Another vital variable to consider when judging the worth of studies is the timeframe involved. It would be logical to assume that studies with a longer timeframe, such as 3 weeks in the case of the aforementioned Singapore study or an additional 30 month check as in the case of the German one, would produce more reliable conclusions. However, there is a widely held belief in the theoretical model known as the General Aggression model, which states that “media violence exposure not only leads to an immediate increase in aggression in a particular situation but also contributes to the development of an aggressive personality of the game player over time” (Moller). Following the GAM model would mean that even studies done in only a few hours would be relevant because any increased aggression found there would carry over into a long term effect. The problem is that GAM is not certain to be effective, with one study — “Internet Fantasy Violence: A Test Of Aggression In An Online Game.”  – finding results that directly contradict it. Over a month, the testers found that there was no difference in result between the group who played the same violent game for at least 56 hours and the control group that did not, whereas the GAM method would only be validated if there was a increase in aggression observed over this time (Williams).

Conclusions to this variable are more difficult to come to. Though the GAM has some studies that find it does predict behavior, the lack of consensus on this issue leads me to believe that the effects of short term studies should not be extrapolated over longer timeframes. Interpretations of results that subscribe to the GAM theory should also be analyzed closely, because it could skew the author’s views. However, it is not necessary to disregard those results entirely; just the specific sections that predict an increase in aggression over time without their own appropriate data to validate this conclusion. This conclusion only applies to the studies seeking to prove a link between video game violence and increased aggression.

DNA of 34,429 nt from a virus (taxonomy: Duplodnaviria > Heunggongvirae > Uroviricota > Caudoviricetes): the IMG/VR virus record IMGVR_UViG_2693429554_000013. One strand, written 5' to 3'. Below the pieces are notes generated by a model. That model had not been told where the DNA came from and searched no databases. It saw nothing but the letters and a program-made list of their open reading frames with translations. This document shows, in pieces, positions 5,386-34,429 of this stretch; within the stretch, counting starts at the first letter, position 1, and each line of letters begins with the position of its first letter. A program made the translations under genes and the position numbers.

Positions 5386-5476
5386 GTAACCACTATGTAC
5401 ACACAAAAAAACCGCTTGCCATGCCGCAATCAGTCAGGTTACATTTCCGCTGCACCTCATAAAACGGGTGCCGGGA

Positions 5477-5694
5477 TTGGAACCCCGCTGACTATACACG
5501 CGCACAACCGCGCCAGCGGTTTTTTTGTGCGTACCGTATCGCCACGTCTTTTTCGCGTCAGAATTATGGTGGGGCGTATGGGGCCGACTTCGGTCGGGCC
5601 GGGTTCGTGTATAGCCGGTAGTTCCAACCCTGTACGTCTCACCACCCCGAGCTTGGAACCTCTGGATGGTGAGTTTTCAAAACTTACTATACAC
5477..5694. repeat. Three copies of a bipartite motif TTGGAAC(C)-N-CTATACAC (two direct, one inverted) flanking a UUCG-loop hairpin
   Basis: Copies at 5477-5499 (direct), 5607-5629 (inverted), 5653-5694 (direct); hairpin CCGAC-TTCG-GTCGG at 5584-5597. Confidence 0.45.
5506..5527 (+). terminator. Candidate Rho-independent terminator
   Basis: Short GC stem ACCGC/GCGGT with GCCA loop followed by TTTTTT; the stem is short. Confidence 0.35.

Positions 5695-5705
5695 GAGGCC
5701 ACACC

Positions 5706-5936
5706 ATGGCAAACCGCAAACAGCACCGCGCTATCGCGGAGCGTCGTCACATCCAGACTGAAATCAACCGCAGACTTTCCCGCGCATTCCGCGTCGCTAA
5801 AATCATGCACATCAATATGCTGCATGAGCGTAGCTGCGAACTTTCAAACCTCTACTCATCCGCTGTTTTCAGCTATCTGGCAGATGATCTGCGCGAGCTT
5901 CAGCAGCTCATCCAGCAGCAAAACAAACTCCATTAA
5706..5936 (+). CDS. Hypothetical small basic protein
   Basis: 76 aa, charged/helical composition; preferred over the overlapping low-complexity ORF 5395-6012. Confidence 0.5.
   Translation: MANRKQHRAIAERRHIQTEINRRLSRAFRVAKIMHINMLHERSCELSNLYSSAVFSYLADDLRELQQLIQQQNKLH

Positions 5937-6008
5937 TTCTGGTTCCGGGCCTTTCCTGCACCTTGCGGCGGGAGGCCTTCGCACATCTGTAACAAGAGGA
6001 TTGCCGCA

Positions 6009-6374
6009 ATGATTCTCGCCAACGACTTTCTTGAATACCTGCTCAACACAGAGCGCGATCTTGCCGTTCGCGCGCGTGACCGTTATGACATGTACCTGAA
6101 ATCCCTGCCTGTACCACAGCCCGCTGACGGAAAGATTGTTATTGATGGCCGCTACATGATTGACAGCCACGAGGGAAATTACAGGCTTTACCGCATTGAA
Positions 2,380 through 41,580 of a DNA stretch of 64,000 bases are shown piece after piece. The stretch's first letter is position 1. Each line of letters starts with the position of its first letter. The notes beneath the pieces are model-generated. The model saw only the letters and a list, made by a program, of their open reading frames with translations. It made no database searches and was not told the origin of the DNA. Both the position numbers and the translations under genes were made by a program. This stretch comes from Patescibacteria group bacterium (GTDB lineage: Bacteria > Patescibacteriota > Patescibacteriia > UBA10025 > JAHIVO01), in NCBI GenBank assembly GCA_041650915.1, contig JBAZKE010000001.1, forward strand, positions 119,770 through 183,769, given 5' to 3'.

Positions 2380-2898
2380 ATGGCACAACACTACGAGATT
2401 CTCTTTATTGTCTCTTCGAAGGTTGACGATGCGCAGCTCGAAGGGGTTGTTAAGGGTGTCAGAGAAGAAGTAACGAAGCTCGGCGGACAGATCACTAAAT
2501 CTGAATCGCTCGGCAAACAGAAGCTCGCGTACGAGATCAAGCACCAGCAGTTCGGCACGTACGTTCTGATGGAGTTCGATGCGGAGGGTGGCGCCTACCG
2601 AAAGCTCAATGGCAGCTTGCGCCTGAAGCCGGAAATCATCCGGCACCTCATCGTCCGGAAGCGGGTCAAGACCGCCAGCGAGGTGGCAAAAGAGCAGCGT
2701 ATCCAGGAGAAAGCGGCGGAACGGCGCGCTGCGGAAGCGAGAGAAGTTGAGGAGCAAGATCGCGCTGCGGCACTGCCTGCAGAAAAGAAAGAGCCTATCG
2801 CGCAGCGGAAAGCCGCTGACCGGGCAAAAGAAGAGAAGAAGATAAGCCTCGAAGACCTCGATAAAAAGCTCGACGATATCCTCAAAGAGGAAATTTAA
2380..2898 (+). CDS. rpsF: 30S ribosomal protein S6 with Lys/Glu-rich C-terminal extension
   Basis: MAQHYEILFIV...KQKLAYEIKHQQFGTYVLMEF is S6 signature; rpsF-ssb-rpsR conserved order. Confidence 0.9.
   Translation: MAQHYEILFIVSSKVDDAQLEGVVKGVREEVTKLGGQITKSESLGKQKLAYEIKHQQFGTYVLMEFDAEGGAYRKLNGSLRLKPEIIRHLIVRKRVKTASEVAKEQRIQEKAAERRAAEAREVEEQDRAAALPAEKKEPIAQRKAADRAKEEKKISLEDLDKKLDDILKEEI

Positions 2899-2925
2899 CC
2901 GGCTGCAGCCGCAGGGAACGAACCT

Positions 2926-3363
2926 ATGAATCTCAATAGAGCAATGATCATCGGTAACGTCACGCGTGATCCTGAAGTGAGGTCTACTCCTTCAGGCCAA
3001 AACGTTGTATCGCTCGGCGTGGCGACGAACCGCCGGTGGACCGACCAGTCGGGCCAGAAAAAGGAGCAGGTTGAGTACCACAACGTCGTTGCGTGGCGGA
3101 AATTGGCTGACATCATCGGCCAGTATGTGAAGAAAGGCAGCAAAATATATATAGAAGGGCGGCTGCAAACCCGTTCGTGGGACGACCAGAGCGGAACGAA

In conclusion, though I have not been able to come to any sort of template indicating an ideal experiment for studying violence in video games, I am able to make some generalizations about which studies are superior. In regards to time, due to the uncertainty of the reliability of GAM, studies over longer periods of time will be preferred to those that only measure the effects of one gaming session. Studies that gather results using well-known and proven tools will be preferred over studies that use personally created or modified tool. In addition to this, studies that gather data based on multiple scales are preferable to those that only use one scale. Though other significant methodological differences exist, assembling a reference base of studies that meet these criteria is the first step on truly understanding the issue of violence in video games.


Works Cited:


1. Skoric, Marko M. et al. “Grand Theft Auto IV Comes To Singapore: Effects Of Repeated Exposure To Violent Video Games On Aggression.” Cyberpsychology, Behavior & Social Networking 14.10 (2011): 597-602. Academic Search Premier. Web. 7 Mar. 2012.